Families that use a private well for drinking water are most vulnerable to diseases spread by septic systems. Private well owners are generally not required to report water use, treat the water, or have it tested for contaminants. The lack of reporting requirements puts these families at greater risk than those using municipal water, tested dozens of times daily. Because of the lack of rules and regulations in the State, regarding septic systems, there is little that can be done to check on them or insist on remedial action for those causing contamination! In Estero, most homes with septic systems tend to be associated with older properties.
What action is being undertaken by Estero Village Council?
The Village Council has prioritized the plan to convert most of the homes with septic systems to municipal sewage systems. It is possible that those homes on high ground, not near the Estero River, will not be linked to the municipal system for logistical and cost reasons because they would be unlikely to contaminate the river.
The overall process will be divided into separate phases.
Phase 1: The Septic Package Plant Systems
(where one tank serves several homes using a centralized system)
The first phase, which involves several steps, will include those homes with a centralized septic system identified as a “package plant.” These are homes where several homes are linked to a large single septic tank. The homes in Estero that have this system will be the first to be converted to the municipal system.
As seen in the accompanying diagram, the design stage began in October 2021 and will be followed by permitting and bidding. The companies selected to conduct the phase 1 project will be made shortly, and construction and hook-up to the municipal sewage system should be concluded by July 2023. The homes involved are in Estero Bay Village, Cypress Bend RV Resort, and Sunny Grove.
The Village Council appreciates the need to minimize the cost involved for each household. However, it is not until the decision to select the vendors to conduct the work is made and accurate costs are determined that applications for grants to help minimize the project’s cost can be made. However, because this first phase involves the packaged systems, the overall cost for each conversion will be shared between the homes linked to the centralized septic unit. It is estimated that the per-home cost could be in the region of $6,000 to $9,000.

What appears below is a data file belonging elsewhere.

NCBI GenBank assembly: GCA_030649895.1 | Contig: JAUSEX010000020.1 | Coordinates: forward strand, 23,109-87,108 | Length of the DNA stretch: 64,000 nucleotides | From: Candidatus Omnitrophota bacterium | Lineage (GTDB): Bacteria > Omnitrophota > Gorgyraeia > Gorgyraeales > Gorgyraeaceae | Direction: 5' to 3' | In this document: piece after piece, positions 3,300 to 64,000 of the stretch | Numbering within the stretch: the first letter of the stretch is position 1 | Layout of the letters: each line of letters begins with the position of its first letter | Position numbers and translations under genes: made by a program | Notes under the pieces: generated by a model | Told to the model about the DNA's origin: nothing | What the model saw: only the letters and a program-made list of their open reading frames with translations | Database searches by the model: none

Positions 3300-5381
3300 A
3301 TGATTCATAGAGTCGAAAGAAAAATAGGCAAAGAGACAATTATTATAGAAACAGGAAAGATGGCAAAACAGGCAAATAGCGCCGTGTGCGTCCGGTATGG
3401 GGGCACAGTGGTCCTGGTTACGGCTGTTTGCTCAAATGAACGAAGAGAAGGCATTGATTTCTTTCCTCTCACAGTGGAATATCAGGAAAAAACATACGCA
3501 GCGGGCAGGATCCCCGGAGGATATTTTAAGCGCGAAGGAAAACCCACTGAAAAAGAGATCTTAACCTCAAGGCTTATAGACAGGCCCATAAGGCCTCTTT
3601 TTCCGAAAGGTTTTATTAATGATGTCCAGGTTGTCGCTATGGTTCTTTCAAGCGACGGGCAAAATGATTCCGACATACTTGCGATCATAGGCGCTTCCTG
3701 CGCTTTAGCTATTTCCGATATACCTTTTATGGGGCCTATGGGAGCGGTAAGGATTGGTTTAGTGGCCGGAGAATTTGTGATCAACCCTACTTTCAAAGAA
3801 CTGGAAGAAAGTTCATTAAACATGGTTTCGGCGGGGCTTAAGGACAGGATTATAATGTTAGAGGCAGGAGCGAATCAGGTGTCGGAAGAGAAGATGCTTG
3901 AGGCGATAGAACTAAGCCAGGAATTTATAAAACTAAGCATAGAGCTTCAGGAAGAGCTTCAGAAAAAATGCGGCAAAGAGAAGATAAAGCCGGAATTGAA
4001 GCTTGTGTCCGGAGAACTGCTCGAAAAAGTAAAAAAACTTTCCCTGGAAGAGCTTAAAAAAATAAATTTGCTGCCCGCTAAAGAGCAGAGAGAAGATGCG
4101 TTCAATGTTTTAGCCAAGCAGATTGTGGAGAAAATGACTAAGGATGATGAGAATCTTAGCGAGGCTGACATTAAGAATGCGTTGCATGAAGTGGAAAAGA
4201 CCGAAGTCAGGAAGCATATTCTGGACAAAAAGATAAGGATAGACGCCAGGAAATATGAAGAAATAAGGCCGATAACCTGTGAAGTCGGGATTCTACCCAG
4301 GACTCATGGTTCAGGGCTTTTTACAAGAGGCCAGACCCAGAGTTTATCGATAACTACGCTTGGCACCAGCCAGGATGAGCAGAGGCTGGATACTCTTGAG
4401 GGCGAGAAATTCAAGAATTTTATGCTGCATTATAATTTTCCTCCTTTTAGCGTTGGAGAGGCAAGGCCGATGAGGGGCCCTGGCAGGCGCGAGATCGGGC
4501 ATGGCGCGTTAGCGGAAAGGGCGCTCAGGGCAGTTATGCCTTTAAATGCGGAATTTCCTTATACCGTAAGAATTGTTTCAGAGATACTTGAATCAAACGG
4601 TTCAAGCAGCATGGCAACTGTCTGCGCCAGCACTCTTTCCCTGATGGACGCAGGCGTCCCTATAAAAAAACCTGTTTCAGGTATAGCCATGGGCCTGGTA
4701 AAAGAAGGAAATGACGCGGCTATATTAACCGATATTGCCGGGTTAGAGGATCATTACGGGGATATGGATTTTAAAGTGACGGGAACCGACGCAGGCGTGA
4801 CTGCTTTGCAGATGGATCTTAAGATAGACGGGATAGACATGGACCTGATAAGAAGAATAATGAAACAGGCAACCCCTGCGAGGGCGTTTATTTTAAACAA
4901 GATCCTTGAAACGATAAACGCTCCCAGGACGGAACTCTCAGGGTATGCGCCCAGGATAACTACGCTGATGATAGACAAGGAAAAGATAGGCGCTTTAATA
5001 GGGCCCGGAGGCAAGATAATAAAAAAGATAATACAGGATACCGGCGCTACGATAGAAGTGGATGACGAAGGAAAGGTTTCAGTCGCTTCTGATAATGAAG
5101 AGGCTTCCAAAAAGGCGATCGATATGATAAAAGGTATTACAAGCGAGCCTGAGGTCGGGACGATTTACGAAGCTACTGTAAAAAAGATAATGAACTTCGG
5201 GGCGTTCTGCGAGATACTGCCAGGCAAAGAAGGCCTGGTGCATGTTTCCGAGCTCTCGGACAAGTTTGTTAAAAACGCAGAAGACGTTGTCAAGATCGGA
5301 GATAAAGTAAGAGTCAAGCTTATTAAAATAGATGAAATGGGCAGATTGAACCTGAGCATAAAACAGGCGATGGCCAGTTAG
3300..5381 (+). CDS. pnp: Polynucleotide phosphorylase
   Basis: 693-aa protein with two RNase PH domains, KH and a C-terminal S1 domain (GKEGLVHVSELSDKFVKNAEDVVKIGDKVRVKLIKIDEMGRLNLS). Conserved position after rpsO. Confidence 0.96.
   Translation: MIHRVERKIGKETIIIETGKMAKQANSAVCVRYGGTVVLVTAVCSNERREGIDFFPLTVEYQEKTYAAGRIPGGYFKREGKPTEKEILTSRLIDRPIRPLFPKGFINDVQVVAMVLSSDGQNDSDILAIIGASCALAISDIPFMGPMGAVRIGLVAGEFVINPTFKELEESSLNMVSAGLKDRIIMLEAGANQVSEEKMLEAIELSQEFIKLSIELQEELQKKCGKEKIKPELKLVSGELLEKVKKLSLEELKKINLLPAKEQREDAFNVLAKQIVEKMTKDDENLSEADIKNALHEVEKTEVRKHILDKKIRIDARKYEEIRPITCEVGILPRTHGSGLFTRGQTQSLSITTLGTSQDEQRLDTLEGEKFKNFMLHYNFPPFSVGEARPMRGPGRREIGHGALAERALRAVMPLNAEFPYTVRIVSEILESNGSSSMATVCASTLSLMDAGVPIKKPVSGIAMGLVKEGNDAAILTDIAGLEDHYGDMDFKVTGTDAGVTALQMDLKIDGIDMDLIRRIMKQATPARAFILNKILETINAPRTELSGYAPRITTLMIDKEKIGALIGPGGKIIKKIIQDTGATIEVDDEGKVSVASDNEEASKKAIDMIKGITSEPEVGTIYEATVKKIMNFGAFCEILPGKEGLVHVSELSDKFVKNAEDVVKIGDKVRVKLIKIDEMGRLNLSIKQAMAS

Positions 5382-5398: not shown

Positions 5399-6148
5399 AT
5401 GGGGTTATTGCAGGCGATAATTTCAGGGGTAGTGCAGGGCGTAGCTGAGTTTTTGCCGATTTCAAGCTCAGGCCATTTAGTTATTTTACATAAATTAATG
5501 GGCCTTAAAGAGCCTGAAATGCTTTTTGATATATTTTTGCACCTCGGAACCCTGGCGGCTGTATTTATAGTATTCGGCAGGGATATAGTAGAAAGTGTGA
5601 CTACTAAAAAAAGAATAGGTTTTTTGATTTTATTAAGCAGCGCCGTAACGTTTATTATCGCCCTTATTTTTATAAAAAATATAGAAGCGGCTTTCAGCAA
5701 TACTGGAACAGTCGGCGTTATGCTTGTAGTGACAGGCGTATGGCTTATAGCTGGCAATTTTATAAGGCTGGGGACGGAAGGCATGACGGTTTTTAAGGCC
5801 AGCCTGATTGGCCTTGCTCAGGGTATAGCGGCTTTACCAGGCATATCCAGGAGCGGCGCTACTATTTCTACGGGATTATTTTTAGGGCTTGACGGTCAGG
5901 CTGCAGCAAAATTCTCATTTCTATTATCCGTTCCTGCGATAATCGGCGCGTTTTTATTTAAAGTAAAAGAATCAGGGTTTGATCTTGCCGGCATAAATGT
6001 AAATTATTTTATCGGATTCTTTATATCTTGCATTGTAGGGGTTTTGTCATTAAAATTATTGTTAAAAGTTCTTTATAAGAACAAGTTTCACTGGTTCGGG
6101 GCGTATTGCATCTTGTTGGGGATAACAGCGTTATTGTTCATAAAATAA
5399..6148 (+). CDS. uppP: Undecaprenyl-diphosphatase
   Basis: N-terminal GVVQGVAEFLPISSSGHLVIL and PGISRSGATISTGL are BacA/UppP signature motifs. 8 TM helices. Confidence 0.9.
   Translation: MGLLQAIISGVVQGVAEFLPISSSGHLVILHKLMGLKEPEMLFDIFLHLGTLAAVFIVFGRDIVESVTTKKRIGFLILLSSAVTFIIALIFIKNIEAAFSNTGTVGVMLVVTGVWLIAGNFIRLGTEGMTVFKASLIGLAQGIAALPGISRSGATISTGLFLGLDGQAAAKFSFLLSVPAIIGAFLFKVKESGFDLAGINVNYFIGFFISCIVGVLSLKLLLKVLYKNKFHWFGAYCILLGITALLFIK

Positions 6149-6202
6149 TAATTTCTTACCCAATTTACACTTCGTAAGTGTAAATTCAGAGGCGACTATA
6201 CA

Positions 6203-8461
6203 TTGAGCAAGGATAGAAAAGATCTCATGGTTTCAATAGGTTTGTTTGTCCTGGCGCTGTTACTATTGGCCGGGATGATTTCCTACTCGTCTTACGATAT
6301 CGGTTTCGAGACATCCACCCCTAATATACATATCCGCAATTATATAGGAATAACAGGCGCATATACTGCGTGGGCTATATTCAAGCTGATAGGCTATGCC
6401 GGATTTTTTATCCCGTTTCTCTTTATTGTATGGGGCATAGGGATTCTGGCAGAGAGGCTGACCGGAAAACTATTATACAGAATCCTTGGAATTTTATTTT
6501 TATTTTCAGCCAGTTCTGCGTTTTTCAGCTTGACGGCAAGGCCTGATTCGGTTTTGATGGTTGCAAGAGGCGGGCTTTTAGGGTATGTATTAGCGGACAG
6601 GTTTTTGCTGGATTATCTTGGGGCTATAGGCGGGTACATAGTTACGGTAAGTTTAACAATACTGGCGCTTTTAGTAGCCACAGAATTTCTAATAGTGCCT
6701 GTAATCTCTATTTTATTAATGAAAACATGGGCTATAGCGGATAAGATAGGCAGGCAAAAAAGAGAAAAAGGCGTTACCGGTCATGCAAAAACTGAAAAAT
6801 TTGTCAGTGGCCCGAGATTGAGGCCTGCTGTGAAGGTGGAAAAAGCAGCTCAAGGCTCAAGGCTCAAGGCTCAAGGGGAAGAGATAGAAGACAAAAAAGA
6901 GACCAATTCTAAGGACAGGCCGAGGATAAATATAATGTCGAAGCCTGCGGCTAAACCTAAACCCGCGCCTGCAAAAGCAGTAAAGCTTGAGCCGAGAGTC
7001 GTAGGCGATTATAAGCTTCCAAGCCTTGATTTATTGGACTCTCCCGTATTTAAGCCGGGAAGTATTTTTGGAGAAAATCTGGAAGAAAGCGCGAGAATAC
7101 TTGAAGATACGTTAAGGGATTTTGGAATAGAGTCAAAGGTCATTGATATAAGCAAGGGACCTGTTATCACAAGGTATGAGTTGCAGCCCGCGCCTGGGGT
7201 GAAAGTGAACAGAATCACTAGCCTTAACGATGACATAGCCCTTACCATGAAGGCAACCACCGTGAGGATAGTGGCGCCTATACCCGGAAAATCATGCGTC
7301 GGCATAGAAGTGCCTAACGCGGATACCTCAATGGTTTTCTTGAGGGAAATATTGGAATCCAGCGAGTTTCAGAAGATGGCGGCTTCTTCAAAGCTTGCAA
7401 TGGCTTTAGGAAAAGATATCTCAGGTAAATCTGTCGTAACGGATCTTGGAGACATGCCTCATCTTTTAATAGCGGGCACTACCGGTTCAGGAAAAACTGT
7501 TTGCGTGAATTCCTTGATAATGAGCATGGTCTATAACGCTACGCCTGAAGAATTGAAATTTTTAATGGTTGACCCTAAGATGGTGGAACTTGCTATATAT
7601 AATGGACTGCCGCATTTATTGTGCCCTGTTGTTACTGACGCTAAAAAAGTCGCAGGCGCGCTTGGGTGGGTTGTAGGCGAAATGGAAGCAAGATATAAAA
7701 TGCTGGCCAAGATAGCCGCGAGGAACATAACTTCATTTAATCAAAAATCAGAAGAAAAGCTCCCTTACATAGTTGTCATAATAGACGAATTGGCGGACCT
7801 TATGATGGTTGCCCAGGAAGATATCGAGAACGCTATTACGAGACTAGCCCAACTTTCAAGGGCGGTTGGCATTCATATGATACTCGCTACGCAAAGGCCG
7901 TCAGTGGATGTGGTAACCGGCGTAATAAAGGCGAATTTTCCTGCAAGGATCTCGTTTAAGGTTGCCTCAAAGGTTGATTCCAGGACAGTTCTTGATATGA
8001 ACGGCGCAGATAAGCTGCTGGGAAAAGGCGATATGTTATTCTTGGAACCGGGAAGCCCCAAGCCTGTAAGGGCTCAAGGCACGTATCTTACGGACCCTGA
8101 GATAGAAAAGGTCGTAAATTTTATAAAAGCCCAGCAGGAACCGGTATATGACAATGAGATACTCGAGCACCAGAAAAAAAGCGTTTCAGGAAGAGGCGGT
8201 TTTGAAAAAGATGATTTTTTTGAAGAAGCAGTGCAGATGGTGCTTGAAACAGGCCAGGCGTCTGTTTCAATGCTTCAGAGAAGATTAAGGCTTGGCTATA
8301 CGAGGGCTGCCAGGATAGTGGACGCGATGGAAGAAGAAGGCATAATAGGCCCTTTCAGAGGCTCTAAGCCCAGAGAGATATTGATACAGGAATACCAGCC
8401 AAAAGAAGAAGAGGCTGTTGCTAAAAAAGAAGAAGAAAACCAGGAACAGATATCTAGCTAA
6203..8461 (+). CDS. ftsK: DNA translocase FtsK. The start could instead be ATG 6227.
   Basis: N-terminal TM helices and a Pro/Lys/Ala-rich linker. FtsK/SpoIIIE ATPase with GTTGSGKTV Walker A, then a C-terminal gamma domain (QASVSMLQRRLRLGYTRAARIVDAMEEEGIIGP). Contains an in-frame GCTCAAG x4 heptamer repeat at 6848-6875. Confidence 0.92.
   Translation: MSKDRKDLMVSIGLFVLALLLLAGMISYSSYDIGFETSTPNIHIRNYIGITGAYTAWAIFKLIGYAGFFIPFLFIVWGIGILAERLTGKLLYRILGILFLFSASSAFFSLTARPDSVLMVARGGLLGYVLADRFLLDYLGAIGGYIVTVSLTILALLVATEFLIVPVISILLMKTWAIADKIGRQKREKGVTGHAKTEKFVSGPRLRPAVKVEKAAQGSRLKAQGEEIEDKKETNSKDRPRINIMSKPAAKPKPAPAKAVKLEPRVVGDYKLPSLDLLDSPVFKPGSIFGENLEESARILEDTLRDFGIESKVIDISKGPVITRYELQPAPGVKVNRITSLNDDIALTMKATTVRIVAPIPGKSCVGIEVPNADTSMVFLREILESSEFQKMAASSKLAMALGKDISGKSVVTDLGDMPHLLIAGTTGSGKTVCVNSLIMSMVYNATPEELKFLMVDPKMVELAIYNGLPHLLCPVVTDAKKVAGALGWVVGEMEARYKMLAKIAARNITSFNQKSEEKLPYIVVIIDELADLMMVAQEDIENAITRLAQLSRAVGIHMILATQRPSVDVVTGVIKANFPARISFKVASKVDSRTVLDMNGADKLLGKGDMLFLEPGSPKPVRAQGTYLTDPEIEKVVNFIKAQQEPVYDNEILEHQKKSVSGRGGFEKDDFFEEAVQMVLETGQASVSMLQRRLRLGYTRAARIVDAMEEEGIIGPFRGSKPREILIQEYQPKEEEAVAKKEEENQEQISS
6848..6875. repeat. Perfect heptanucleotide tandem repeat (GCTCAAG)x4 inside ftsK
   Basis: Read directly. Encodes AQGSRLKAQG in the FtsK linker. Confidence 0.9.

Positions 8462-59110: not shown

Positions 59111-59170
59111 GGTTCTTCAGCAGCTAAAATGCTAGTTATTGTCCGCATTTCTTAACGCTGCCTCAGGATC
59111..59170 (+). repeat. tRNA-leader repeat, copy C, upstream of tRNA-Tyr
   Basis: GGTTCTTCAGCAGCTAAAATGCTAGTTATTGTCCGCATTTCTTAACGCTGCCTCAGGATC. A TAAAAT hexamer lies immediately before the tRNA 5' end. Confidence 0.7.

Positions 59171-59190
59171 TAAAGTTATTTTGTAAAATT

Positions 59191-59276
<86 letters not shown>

Subsequent phase (s) for Those with Individual Septic Systems
The design stage for the project’s next phase or phases will begin in July this year. Until this step has been completed, it is impossible to say whether all the subsequent “septic to sewer conversions” planned will be completed in a Phase 2 process or if the remaining work will be split into several phases. This decision will follow the permitting stage in May 2023.
For those homes with single septic systems, the final charge could be in the region of $50K- $75. Payment could then be spread over a 10- or 15-year period. Still, until the companies have been selected and applications for grants applied for, the final figure is difficult to determine at this time. Options to pay the charge as part of the annual property tax instead of a lump sum payment will be available.
The ECCL will continue to liaise with the Village and provide further updates as they become available. The ECCL will periodically update the timeline charts on the ECCL’s website www.esterotoday.com. For those likely to be affected by the “septic to sewer” conversion, please check back every few months to keep up to date with progress.
1 Septic System Pollution Contributes to Disease Outbreaks, Brett Walton, Groundwater, Infrastructure, North America, Pollution, Water News. November 25, 2015. https://www.circleofblue.org/2015/world/septic-system-ease-outbreaks/
The ECCL will continue to monitor this process and keep residents apprised of the impacts for the community